10 Best Things to Do in Exmouth, Devon
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Located on the east bank of the River Exe, where its wide estuary meets the English Channel, the pretty town of Exmouth is among the top tourist destinations in the county of Devon.
An easy and extremely scenic 30-minute train ride from the cathedral city of Exeter, Exmouth offers no end of attractions and memorable things to do.
While many people are drawn here to sunbathe and relax on Exmouth’s excellent beaches, which include a mix of remote stretches of sand and others bustling with vacationers, many visitors make the journey to participate in a wide variety of water-based adventures.
Easy access to boat launches, moorings, and endless miles of water has resulted in Exmouth becoming one of the best places to visit in England for water sports enthusiasts.
Add to this endless walking and hiking trails; the stunning scenic beauty of the Jurassic Coast World Heritage Site, which begins here; plus numerous cultural and entertainment attractions; and you’ll definitely want to extend your stay in Exmouth.
To learn more about why you should include this lovely seaside town on your England travel itinerary, read through our list of the top things to do in Exmouth, Devon.
Note: Some businesses may be temporarily closed due to recent global health and safety issues.
1. Enjoy the Waterfront and Exmouth Beach
Exmouth Beach, or Blenny Bay as it's now officially known, is without doubt one of the best beaches in Devon.
Stretching for two miles between the town center and Orcombe Point, this family-friendly beach is predominantly sand with clean water. Lifeguards are on duty in peak season, and with its shallow entry, this makes for a perfect spot to take younger kids.
The beach has also become a major hub for water sports such as sailing, kayaking, and paddleboarding, as well as fishing. It has also become popular among the surfing and kitesurfing set, with rentals and lessons in both disciplines available.
Using Blenny Bay as a base, you’ll actually have relatively easy access to a variety of other great Exmouth beaches worth exploring.
Those looking for a less-crowded beach experience should consider Orcombe Point, just a mile and a half away. You can get here in a few minutes by car or by hiking along the scenic South West Coast Path.
A little farther east, and you’ll find yourself in the picturesque small town of Budleigh Salterton, popular for its unique red sandstone cliffs.
Address: Esplanade, Exmouth, Devon
2. Explore the River Exe and the Exe Estuary
Extending from Exmouth to Exeter, the River Exe and its estuary offer plenty of opportunities for outdoor enthusiasts to indulge their passion. This 10-mile stretch of water not only offers superb scenery, it’s also well known as an important natural habitat that’s home to numerous species of birds and other wildlife.
Starting in Exmouth, you can join a network of trails that follow the estuary northwards, taking in some of its most attractive and remote sections along the way.
Many of these paths are also well-suited for biking, with paved sections also being wheelchair and stroller friendly.
The most popular, the Exe Estuary Trail, is a 26-mile trail that extends along both sides of the estuary. Flat and easy to navigate, it offers serious bikers an excellent excuse to explore the area.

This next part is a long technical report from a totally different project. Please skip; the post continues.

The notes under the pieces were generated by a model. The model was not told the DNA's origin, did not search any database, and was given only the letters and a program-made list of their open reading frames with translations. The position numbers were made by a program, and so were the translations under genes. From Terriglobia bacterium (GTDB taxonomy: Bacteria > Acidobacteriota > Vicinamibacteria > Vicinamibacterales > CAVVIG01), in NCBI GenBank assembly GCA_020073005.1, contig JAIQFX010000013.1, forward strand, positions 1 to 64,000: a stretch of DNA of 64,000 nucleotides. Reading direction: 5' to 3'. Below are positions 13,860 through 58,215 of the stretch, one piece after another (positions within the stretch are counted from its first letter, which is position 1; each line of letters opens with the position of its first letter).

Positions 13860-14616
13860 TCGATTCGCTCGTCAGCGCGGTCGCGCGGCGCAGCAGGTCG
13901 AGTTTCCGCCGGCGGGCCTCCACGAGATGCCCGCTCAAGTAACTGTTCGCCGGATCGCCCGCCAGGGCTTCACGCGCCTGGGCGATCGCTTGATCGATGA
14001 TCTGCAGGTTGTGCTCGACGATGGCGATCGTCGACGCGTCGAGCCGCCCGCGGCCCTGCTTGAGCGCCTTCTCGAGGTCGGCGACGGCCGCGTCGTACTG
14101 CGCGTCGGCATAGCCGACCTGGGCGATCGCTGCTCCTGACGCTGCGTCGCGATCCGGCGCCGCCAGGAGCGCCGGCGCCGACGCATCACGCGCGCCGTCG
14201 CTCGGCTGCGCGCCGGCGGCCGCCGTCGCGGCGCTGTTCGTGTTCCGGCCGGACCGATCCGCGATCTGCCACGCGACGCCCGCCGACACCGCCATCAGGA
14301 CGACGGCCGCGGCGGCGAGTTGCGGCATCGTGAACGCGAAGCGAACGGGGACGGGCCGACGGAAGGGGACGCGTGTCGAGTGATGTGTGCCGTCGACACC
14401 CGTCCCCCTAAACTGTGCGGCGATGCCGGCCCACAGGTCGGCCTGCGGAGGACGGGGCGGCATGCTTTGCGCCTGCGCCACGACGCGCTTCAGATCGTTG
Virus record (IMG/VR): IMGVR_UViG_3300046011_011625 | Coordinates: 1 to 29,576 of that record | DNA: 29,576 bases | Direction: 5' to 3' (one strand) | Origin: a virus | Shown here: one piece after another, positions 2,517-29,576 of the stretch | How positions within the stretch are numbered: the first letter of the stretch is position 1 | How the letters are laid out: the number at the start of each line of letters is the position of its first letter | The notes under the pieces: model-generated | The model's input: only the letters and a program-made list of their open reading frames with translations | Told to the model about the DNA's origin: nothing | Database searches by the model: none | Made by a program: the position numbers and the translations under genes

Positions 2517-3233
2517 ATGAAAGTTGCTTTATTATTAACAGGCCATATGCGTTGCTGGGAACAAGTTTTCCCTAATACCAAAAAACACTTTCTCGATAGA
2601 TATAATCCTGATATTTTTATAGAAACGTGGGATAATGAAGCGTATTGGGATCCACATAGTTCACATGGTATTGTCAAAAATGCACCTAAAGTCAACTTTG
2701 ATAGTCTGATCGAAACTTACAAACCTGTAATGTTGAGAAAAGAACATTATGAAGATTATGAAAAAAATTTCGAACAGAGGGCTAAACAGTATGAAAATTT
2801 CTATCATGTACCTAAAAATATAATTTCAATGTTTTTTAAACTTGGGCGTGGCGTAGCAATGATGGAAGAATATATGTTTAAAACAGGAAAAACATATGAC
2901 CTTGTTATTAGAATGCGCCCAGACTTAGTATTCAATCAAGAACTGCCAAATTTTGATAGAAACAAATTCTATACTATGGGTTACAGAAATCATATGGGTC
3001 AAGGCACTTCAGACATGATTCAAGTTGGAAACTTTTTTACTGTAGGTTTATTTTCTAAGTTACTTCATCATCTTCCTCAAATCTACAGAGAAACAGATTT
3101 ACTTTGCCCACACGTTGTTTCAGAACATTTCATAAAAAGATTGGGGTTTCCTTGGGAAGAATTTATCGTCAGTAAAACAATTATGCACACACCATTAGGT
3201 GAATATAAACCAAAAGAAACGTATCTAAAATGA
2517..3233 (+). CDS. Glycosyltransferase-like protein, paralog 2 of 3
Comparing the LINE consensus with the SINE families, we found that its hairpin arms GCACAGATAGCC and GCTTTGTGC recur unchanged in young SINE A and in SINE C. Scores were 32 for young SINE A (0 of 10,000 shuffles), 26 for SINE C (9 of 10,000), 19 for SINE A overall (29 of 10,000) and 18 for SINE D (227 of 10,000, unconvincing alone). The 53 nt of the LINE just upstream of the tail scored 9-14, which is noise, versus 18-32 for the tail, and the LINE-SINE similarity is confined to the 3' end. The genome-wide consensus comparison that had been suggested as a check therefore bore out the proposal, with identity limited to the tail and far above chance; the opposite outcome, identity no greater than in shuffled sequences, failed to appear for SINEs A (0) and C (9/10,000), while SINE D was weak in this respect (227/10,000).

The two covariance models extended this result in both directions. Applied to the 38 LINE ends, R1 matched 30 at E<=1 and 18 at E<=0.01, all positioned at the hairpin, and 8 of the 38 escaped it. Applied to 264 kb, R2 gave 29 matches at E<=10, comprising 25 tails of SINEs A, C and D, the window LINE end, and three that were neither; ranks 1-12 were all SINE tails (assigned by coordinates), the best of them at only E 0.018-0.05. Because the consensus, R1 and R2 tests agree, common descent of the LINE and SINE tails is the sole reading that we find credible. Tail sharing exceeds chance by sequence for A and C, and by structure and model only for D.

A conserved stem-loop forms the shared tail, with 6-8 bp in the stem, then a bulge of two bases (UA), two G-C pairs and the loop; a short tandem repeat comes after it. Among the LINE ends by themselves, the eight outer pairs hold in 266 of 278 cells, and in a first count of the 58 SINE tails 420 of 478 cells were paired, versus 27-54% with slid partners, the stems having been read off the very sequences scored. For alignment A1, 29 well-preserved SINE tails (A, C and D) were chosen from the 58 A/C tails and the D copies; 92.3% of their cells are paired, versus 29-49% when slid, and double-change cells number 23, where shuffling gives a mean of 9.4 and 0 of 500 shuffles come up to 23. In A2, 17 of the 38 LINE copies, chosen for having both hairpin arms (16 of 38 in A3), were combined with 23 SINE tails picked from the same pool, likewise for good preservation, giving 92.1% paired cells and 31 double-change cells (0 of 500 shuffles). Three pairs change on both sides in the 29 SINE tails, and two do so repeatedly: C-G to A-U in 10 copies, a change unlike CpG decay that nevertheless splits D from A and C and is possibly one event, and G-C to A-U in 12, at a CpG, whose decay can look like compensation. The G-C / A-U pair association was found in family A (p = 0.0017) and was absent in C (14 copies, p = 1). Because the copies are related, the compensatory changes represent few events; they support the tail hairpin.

A number of sightseeing cruise options are also available, with some private charters tackling the whole River Exe journey, including a section of the historic Exeter Ship Canal, England’s oldest man-made waterway.
Also fun is taking the ferry across the Exe Estuary to Dawlish Warren. This pretty seaside village at the mouth of the estuary boasts a great beach and a nature reserve, along with traditional seaside attractions such as amusement arcades and a wide promenade.
Location: Exmouth, Devon
Official site: www.exe-estuary.org
3. Take the Kids to World of Country Life
A short 10-minute drive east of Exmouth will take you to the World of Country Life in Sandy Bay. One of the top family attractions in Devon, the stars here are the many animals the kids can interact with.
Friendly critters large and small can be seen, and, in many cases, petted in the property’s many paddocks and barns. In addition to native species such as deer and sheep, which you can feed, kids can get up close to more exotic animals such as llamas and alpacas and even take a goat for a walk.
Other creatures the kids can meet include pygmy goats, donkeys, ferrets, and calves, along with feathered friends including, ducks, geese, and chickens.
There’s also a museum component to the attraction. The park's replica Victorian-era street with its shops and homes is educational and fun to explore, as is the Hall of Transport with its impressive collection of antique cars, motorbikes, and vintage steam tractors.
Snacks are available on-site, too, and there’s a large play area complete with life size diggers and even a pirate ship.
Address: West Down Lane, Sandy Bay, Exmouth, Devon
Official site: www.worldofcountrylife.co.uk
4. See 16-Sided A La Ronde
If you can pull yourself away from Exmouth’s lovely, revitalized waterfront area long enough, allocate a little time to explore A La Ronde. This unique 16-sided house was constructed in 1796 by two "ladies of means" who loved the countryside so much they wanted to spend their summers here.
The home is certainly unique, and extremely attractive. Built from local stone with a tall roof crowning the structure, it’s as charming on the inside as it is on the outside.
Interior highlights include the central hall, a large octagonal space from which the other main living spaces are accessed. Glance upward and you’ll see the unique shell gallery, decorated with glass, stones, pottery, and yes, plenty of seashells.